by Manny Arora
Recently, criminal justice reform has become the buzzword for people across the political spectrum. The prosecution of certain groups and their related sentencing disparities are real. But what about the continuing loss of the “felon’s” rights once their sentence has been completed. Can felons get their voting rights back in Georgia?
As of 2018, according to the Prison Policy Institute, Georgia had the largest correctional supervision population in the country. We had over 404,000 people interacting with our Department of Corrections. That is approximately 4% of our total population. That means one out of every twenty-five people has a relationship with the Georgia Department of Corrections. This number has led to tremendous disenfranchisement. But a lot of the disenfranchisement comes from a lack of information being provided to those affected (or the general public).
Amongst all the noise in the media regarding criminal justice reform, it’s time we properly understand what the laws and regulations are as they relate to felons who have completed their sentence. Most people believe that a felon’s civil rights are automatically lost for the rest of their lives. While that may be a correct statement in a handful of states, that is not the case in Georgia.
In Georgia, the State Board of Pardons and Paroles, Rule 475-3-.10(6), automatically reinstates a felon’s right to vote after they have finished their full sentence (to include incarceration, probation, and payment of any fines/restitution). The remainder of the felon’s civil and political rights, aside from possessing a firearm, can also be restored upon meeting certain criteria. Two years after the felon’s sentence is completed, they can file an application to fully restore all their civil and political rights. When it comes to firearms, the waiting period is five years after the completion of the full sentence.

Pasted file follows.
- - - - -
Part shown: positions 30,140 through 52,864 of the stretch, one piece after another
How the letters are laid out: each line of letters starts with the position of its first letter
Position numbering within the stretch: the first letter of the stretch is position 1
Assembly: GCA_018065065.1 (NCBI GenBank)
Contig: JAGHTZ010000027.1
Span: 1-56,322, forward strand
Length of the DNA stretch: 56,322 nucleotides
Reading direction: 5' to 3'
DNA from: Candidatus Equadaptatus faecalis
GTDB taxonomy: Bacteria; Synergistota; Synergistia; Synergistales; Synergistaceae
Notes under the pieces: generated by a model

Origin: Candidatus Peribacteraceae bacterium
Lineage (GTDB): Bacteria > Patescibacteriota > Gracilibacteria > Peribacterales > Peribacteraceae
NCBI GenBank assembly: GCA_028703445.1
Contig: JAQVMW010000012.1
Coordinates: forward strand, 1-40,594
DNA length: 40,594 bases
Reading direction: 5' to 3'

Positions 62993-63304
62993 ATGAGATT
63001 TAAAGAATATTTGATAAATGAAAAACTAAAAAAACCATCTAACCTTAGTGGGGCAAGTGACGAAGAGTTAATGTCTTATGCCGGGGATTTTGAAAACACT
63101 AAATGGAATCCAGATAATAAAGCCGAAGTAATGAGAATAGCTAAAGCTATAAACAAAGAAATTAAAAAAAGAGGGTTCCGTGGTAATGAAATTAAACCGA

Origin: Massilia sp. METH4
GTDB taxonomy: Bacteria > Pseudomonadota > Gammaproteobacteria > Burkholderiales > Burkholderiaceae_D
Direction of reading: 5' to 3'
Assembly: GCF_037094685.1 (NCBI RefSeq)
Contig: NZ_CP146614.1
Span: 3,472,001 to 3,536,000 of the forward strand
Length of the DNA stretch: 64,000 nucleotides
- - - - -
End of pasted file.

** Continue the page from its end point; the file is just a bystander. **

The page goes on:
While Georgia may not be setting the gold standard in combating felony disenfranchisement, only two states allow incarcerated felons to vote (Maine and Vermont), sixteen states all voting after being released from incarceration and three additional states allow for the right to vote after being released from parole.
However, from a historical Southern perspective, Georgia is doing far better than most of its neighbors. Specifically, we are more enlightened than twelve other states in that we allow for automatic voting rights to felons after the completion of their entire sentence (i.e. parole, probation and payment of fines/fees/restitution).
Is Georgia perfect? No. But if people want to make a more significant change, they need to take the time to understand their rights, then register to vote, and finally to go out and actually vote. Otherwise, we are just complaining about a problem we can do something about.
About the author:
Manny Arora is a well-recognized criminal defense attorney, RED Board member, and criminal justice reform, advocate. He is a founder of the Arora Law Firm in Atlanta, Georgia.